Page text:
Arlington, Va.: The comments about pedophiles reflect the difficulty that courts have in making rational decisions to emotional questions. One that flares up is the court's decision that flag burning is constitutional. In spite of some Cuban-Americans burning the American flag in Miami, a majority of the Congress seems think the Constitution needs to be changed to protect us against it.

Joan Biskupic: Interesting point.

Alexandria, Va.: Hello Joan,
I attended the Boy Scout hearing earlier this week as a member of the press and found it extremely difficult to get everything down on paper since the justices were asking questions so fast and the lawyers were trying to squeeze in their arguments in such a limited amount of time. Does the court make transcripts available to those who cover it, or do people who cover the court regularly rely on shorthand?


Joan Biskupic: No, the court does not make transcripts available the day of the argument – we have to wait at least a week. It is indeed tough to cover these sessions, especially for visiting reporters who might not be accustomed to the justices' voices and sitting in the back with virtually no view of the bench. I think most of us regulars use a combination of long-hand and makeshift shorthand. It's very hard to get everything exact. I'll often paraphrase big chunks of dialogue.

Horsham, Pa.: I've always heard that A-3 is almost as good as A-1 because the eye automatically looks to the right page of the newspaper when you open it up.

Screw A-2... go with A-3!

Joan Biskupic: That's the spirit! ... Yes, and A-3 is more of a "display" page, where we can run larger pictures ... My abortion set-up piece ran on A-3 last Sunday, and I actually thought that was pretty good "play" – especially given that the front page was taken over by the Elian news. (For those of you not in the business, often the hardest part isn't reporting the stories, writing the stories, it's getting the space and "play" inside the paper. Hundreds of reporters compete for space each day.)

Dallas, Tex.: Isn't it true that most of the justices have formed their opinion of a case before oral arguments are heard?

However, with the exception of Justice Scalia, doesn't it seem that they are having a difficult time deciding the BSA v. Dale case? I note that four of the Justices have been Boy Scouts, and one is an Eagle Scout.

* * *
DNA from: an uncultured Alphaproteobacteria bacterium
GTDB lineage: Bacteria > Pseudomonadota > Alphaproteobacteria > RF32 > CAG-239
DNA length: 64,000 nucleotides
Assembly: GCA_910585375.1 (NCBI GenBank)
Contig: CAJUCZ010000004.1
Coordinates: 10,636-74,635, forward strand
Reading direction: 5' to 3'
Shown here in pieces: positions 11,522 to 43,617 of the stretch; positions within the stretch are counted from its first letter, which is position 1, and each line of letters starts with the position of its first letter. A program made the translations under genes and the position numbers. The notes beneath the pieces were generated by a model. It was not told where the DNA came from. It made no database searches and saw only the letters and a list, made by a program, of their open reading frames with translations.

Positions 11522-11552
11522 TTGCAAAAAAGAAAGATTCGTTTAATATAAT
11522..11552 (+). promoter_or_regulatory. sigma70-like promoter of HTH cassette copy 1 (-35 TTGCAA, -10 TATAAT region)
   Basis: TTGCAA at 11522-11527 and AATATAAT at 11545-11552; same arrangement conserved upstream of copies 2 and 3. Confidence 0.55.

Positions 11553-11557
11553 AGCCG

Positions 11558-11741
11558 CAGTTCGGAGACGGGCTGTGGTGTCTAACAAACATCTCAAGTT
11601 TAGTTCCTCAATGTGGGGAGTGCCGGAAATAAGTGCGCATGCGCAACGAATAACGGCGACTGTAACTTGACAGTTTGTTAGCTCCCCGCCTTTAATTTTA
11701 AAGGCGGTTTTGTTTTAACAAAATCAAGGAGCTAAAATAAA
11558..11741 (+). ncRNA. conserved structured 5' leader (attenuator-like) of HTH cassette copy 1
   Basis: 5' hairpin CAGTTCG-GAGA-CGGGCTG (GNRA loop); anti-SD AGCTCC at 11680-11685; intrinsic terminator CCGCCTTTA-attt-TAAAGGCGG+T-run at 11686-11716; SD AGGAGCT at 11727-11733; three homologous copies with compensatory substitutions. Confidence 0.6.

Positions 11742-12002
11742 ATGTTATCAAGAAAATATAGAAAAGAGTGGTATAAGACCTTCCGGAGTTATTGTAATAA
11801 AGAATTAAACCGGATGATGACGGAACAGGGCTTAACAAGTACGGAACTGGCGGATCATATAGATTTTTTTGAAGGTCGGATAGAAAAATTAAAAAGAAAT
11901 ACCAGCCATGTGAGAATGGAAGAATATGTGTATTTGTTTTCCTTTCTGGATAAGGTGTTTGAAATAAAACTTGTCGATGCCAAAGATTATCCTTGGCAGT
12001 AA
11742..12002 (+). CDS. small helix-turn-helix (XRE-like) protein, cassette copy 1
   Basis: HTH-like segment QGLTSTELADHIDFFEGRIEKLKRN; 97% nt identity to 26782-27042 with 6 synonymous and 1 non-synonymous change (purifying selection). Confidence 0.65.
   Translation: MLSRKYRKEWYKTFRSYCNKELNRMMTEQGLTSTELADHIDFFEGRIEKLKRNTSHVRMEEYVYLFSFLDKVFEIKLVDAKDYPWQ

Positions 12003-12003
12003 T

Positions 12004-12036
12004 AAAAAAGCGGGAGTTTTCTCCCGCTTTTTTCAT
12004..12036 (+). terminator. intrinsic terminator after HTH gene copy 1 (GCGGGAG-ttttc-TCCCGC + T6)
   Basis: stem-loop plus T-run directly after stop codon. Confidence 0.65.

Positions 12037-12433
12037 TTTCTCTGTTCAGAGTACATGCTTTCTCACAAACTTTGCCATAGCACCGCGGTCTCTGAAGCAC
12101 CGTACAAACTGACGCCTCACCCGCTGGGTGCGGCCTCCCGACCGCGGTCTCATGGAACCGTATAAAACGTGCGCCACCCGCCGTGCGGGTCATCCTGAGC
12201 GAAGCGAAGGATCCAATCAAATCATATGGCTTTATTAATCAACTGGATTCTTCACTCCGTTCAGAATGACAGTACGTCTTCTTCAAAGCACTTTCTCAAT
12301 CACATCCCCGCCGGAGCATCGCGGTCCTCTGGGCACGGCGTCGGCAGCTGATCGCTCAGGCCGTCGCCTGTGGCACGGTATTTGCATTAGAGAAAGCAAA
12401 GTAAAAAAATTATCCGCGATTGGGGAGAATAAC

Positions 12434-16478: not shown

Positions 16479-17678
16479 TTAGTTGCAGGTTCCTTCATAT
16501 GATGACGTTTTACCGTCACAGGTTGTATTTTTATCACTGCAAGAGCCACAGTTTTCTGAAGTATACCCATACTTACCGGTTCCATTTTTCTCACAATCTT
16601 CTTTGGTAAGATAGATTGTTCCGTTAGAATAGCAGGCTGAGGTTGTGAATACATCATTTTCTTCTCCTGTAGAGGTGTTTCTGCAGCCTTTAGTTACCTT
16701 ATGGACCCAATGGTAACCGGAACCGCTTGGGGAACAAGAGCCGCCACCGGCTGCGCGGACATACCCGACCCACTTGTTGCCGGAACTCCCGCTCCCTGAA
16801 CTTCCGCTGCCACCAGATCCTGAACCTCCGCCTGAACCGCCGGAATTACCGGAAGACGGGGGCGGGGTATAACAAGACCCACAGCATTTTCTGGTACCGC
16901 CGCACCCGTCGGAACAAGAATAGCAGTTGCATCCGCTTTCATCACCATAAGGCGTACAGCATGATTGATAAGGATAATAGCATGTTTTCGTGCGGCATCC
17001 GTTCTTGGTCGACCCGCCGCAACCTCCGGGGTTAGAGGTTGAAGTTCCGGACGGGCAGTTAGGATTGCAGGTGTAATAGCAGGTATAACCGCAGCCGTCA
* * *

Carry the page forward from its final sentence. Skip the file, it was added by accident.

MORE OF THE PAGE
Joan Biskupic: You're right about the four scouts (Rehnquist, Scalia, Kennedy, Breyer), and Breyer is the one who attained the high rank of Eagle Scout. ... Have they made up their minds about a case by the time of oral argument? They probably know which way they're inclined to rule (having already read all the written materials). But I think the arguments help focus their views, maybe open their eyes to the nuances of a dispute, maybe even make them think about an angle that they hadn't considered.

Clearwater, Fla.: After searching and searching, I can find no site which can tell me the upcoming cases to be argued before the Supreme Court in the coming months. Is this my failure or has the court simply not decided yet?

washingtonpost.com: You can find the court's docket, briefs, lower court decisions and other supporting materials on the docket page in our Supreme Court special report.

Joan Biskupic: You found no listing of new cases to be argued because the court is now done with oral arguments for the term. Those hearings ended last Wednesday. Now, we'll just have sessions in which the rulings are announced. The next round of oral arguments begins in October.

Towson, Md.: Joan,
Thanks for the answer. I did see your story on the California Democratic Party case. But I had submitted the first question early (on the day of the hearing). Your story ran on the day after.

Joan Biskupic: Oh, that clear that up. I wonder if I should re-consider my view of A-2.

Joan Biskupic: And that's it for today. Thanks to all of you. Sorry to those whose questions are still pending. We'll get to them next week. Watch Monday for another batch of rulings from the court.... and also look to the Federal Page on Monday for the latest "Full Court Press" monthly installment. Happy Birthday, Justice Stevens!